You might not be able to read this book if you didn't know it had a hopeful ending. The violence is unstaged, described in a matter-of-fact way that gives it a haunting quality; wounds bleed, women scream, babies are burned in their cribs, grown men are shot after being tortured. And it is violence perpetrated in many cases by boys, young teenagers who in their own culture are usually not considered old enough to date or wise enough to make tough decisions.
Ishmael Beah was born in Sierra Leone and grew up in a time of relative stability, before open rebellion began. One day he and his close buddies went to a nearby town to enter a music contest. They'd been listening to rap, imitating the poetic lyrics and the dance moves. They had a couple of home-recorded cassette tapes. While they were away, rebels swept into their home village, killing many inhabitants and forcing the rest to flee. Everyone disappeared from Ishmael's home in a few short hours, and he was never again to see most members of his close family. With no preparation, he was cut off from the life he had known and forced, with his companions, to begin a long period of constant flight, near-starvation and terror.
The boys knew that their time was limited. The rebels were recruiting boys to fight, raping the young girls and enslaving the elders. They were stealing all usable items and all food, burning the villages as they left. The army was likewise recruiting boys, after men were slain by rebel forces. Boys so young as to be barely able to carry a weapon were given AK-47s and told to avenge their family's deaths. They were drugged with marijuana and cocaine until their minds were as ragged as their clothes, and sent out to kill.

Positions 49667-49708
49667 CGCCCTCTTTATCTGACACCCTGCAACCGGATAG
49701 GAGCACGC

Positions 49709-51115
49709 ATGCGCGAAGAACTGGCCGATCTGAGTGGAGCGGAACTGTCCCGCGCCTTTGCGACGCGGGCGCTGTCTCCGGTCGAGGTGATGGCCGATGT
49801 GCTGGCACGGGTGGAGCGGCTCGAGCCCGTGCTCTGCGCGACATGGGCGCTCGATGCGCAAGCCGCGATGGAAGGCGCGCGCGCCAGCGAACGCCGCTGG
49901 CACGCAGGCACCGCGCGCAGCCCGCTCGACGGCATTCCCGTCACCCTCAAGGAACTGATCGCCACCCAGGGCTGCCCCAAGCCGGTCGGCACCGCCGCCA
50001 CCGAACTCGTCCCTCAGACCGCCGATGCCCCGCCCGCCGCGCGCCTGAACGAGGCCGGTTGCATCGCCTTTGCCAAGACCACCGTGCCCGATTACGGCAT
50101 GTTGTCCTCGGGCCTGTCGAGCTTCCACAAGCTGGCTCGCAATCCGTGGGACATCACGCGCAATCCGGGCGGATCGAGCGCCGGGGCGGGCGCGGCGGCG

After living from day to harrowing day, Ishmael was forced to join the army. He not only shot many boys and men on the enemy side, but prided himself on being able to cut throats quickly and efficiently as part of a contest staged by the army officers. Such exercises toughened the children and inured them to the evils they were both witnessing and perpetrating every day.
By chance, Ishmael was among a group of boys who were taken out of the army ranks and rehabilitated, slowly, by UN and other workers who kept telling their orphan charges, "What you did was not your fault." It took many months for Ishmael to understand and begin to believe this. At first he fought cynically and sometimes savagely against his benign captors, initially in the throes of drug withdrawal and then gripped by insane rage and a sense of powerlessness. At least as a soldier Ishmael had been esteemed a man and given responsibility. It was hard to become a boy again, to obey the kindly orphanage staff. It was harder to believe that his life had meaning or that there might be reason to hope for future happiness.
After a long series of reunions and a fortuitous visit to the UN in New York, Ishmael was adopted by an American aid worker and given the chance to finish high school and college. He now serves as a member of various committees and councils and speaks eloquently for the need to stop conscripting children as killers wherever such outrages occur. His talent as a lyricist grew into a talent for storytelling. A LONG WAY GONE is a story that needed to be told.
Reviewed by Barbara Bamberger Scott on August 5, 2008
A Long Way Gone: Memoirs of a Boy Soldier